For the past year, the world has taken part in the Merce Cunningham Centennial Celebration, and for Los Angeles the year came to a brilliant conclusion on April 16th, Cunningham’s birthday, with the Night of 100 Solos at CAP UCLA’s Royce Hall. The Event was performed simultaneously in New York and London, featuring over 75 dancers from around the world, and live-streamed on Vimeo and Facebook. The Los Angeles performance included dancers, five composers, lighting and costume designers and a visual artist; all of whom came together within the past three days. In short, it was a true Cunningham legacy driven Event, artists working separately to combine their art forms on the eve of the performance.

Co-produced by UCLA’s Center for the Art of Performance, Barbican London, Brooklyn Academy of Music, and the Merce Cunningham Trust, the Night of 100 Solos was an amazing experience, and as an alumnus of the Merce Cunningham Dance Company, it brought back memories and renewed gratitude for the man who launched my professional career back in 1967.

There were 26 dancers of varying ages who performed 100 solos choreographed by Cunningham. The solos were selected from his 180 works that spanned 7 decades. Cunningham created his first work in 1938 and ventured out on his own after leaving the Martha Graham Dance Company. He and his life partner, musician and composer John Cage, founded the Merce Cunningham Dance Company in 1952. After his death in 2009, the remainder of that year was used to organize the company’s “legacy tour” which began in January 2010. The final performance of the Merce Cunningham Dance Company was on December 31, 2011. Cunningham’s legacy continues with selected works re-staged for professional and non-professional companies, classes taught by former company members, and his technique living within the muscles of those who worked and/or studied with him over the years.

The 90-minute performance of Night of 100 Solos was comprised of extraordinary dancing, music and visual art. Composer Stephan Moore, who worked with the Cunningham company as Sound Engineer and Music Supervisor from 2004 to 2010, selected four women musicians/composers from the Los Angeles area, and together they produced an incredible musical experience that took the audience through a range of terrains, emotions and mental visions.  During one section where all 26 dancers were standing still onstage, the music crescendoed into what sounded and felt like a volcanic eruption. Those extremely talented composers and musicians were Madison Greenstone, Bethan Kellough, Stephanie Richards, Suzanne Thorpe and Stephan Moore.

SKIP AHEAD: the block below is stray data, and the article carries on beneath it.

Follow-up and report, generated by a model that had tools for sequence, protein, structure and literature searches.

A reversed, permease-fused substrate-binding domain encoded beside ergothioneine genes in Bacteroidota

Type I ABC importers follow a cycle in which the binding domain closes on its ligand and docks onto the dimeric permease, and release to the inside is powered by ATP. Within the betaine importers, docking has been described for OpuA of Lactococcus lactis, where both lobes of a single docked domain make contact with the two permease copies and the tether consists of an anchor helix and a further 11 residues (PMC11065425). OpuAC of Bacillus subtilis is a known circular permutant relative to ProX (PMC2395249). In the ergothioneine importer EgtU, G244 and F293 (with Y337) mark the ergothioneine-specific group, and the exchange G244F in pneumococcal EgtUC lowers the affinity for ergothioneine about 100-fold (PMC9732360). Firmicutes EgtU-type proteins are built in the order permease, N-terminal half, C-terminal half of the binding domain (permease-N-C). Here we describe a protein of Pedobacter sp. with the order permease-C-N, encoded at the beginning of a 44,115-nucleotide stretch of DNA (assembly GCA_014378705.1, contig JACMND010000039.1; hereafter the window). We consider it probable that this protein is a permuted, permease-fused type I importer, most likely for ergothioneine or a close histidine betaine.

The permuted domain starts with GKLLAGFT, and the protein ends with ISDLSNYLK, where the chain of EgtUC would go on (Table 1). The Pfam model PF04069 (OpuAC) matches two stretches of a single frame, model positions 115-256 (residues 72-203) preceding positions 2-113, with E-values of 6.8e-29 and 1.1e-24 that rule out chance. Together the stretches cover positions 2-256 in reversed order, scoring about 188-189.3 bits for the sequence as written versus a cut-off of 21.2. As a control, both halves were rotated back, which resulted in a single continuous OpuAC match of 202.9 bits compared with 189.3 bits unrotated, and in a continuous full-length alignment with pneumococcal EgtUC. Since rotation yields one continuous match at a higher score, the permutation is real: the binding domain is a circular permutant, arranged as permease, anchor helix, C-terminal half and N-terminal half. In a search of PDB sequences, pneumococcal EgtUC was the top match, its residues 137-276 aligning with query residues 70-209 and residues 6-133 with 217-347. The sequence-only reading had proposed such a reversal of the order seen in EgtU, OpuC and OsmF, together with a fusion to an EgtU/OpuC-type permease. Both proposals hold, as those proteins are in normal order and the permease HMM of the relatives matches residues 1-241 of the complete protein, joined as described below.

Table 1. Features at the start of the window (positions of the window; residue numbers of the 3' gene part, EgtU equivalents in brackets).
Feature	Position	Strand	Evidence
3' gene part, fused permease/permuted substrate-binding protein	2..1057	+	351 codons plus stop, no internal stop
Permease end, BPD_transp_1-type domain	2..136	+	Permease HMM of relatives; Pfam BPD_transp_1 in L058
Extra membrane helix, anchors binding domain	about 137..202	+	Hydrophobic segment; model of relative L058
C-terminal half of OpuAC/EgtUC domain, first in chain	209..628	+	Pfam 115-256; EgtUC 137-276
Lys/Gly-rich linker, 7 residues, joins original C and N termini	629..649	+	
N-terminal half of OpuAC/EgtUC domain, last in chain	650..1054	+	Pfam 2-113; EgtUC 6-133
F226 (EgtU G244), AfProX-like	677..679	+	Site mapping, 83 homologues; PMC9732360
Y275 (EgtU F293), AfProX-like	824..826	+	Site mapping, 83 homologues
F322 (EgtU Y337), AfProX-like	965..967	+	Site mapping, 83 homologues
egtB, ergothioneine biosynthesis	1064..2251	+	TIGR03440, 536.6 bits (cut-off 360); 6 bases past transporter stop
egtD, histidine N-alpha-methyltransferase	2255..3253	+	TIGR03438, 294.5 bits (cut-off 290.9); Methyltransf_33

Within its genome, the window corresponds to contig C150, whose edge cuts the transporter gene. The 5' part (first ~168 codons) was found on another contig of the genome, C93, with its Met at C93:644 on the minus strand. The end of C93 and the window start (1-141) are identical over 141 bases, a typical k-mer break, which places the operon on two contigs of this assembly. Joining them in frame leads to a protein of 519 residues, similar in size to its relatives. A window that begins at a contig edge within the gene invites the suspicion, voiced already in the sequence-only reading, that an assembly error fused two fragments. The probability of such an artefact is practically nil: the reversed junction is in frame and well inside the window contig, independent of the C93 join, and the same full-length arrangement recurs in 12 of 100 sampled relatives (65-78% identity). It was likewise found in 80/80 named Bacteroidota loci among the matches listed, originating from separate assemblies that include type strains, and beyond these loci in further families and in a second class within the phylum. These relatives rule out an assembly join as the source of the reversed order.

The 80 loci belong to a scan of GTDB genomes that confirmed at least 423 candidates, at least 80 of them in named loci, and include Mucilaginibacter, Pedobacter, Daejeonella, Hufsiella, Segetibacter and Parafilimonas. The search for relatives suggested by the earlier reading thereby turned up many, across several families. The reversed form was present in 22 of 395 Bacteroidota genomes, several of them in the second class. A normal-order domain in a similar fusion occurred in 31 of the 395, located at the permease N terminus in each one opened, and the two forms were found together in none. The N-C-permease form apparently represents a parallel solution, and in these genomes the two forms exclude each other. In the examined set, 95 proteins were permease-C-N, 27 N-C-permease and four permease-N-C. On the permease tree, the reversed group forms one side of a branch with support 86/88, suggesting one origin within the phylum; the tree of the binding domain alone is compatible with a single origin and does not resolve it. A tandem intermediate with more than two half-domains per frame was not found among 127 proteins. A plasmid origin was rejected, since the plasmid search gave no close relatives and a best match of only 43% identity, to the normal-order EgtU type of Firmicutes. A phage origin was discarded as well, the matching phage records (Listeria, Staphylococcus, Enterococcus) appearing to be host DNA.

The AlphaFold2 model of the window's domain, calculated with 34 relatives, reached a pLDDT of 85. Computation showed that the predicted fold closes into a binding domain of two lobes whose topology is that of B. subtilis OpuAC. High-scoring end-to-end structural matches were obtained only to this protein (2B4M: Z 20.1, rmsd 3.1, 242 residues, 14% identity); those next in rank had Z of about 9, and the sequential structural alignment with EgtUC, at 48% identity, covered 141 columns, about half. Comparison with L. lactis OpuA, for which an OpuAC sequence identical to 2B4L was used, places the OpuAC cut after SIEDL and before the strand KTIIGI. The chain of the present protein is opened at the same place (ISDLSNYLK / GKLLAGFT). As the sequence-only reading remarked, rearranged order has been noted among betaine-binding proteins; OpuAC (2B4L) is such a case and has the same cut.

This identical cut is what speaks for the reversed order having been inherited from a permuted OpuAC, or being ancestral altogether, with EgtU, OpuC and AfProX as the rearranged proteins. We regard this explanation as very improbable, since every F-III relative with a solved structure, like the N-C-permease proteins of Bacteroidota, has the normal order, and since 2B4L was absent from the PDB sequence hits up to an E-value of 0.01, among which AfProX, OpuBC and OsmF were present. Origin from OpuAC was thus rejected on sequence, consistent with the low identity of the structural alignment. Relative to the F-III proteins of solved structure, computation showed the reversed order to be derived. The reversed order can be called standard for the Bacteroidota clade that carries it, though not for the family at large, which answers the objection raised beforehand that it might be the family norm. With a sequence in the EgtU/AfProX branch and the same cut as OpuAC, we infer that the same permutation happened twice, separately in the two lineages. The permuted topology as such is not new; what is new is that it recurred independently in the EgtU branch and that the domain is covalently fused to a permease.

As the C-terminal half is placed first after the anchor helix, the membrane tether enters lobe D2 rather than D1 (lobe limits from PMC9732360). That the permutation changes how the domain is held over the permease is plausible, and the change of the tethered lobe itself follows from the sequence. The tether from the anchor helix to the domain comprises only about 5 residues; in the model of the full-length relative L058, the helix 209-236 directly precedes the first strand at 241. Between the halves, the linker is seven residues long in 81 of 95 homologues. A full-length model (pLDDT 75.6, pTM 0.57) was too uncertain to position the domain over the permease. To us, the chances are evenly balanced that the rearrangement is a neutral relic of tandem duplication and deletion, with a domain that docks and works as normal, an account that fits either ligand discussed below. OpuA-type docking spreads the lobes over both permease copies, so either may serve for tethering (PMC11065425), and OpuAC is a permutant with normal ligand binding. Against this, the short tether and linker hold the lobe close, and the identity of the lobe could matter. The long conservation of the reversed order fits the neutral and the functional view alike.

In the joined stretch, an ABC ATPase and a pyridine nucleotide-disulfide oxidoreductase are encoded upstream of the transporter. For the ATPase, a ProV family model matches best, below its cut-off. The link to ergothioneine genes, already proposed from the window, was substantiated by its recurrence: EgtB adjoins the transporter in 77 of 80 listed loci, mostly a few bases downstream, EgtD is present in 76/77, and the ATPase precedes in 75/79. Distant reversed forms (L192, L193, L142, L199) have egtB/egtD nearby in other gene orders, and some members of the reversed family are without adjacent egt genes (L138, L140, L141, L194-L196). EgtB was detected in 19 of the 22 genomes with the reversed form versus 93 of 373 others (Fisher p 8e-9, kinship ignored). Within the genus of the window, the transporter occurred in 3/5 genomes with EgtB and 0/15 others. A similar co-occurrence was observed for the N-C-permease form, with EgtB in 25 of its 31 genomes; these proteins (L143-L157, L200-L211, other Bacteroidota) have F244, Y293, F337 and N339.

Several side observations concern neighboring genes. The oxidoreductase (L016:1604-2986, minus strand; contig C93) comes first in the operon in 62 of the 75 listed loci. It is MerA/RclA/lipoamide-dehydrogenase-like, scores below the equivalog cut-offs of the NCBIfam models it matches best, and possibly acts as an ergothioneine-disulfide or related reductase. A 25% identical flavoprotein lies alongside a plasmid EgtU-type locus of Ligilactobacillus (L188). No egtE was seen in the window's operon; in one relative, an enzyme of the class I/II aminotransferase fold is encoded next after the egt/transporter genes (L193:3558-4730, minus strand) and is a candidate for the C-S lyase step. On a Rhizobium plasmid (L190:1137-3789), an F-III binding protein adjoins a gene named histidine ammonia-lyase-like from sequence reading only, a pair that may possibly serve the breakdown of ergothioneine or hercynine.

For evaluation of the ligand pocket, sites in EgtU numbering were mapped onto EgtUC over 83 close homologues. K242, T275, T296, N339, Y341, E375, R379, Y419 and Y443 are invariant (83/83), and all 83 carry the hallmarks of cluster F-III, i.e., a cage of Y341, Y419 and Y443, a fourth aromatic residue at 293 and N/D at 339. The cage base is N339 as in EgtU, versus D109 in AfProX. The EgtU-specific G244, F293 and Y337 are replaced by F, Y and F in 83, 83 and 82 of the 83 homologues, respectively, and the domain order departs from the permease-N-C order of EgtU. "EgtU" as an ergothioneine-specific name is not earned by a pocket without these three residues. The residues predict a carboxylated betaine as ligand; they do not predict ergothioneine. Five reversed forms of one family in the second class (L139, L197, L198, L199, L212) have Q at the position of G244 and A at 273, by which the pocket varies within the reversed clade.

The computer generated set by Los Angeles based media and installation artist Jennifer Steinkamp, provided an ever-moving backdrop of trees, spring flowers and fruits quivering, shaking, falling, sailing or evolving through the four seasons. Animated butterflies, a tree that rotated back and forth as spring produced foliage and fruit, only for autumn to cause them to be discarded.  Striped and dotted swaths of silky cloth flowed down from above in slow motion waves, and pastel colors blurred together to create an abstract painting. Steinkamp caused us to feel like we were being rained upon by flowers, soothed with gentle breezes, and bombarded by bits and pieces of broken branches.

Moving elegantly, majestically and sometimes statically through all of this were the amazingly talented dance artists, none of whom had performed with the Cunningham Company. It was the Cunningham Trust’s way of helping to insure that Cunningham’s movement legacy was carried into the next generation. Those of us who did dance with the company, spent the evening trying to guess which solo came from what dance. Primarily, however, we sat in awe of what we were witnessing. After learning the solos and being videotaped, the dancers rehearsed themselves with the aid of those videos, coming together in Los Angeles for three days prior to the performance. Somehow, they managed to arrive with the Cunningham technique alive in their bodies.

Night of 100 Solos_03 Photo Reed Hutchinson Night of 100 Solos_40 Photo Reed Hutchinson Merce Cunningham Centennial - Night of 100 Solos - CAP UCLA Royce Hall Night of 100 Solos_24 Photo Reed Hutchinson Night of 100 Solos_46 Photo Reed Hutchinson Night of 100 Solos_29 Photo Reed Hutchinson Night of 100 Solos_67 Photo Reed Hutchinson Night of 100 Solos_70 Photo Reed Hutchinson Night of 100 Solos_62 Photo Reed Hutchinson Night of 100 Solos2 Photo Reed Hutchinson Night of 100 Solos_39 Photo Reed Hutchinson Merce Cunningham Centinnel - Night of 100 Solos - Photo by Reed Hutchinson - CAP UCLA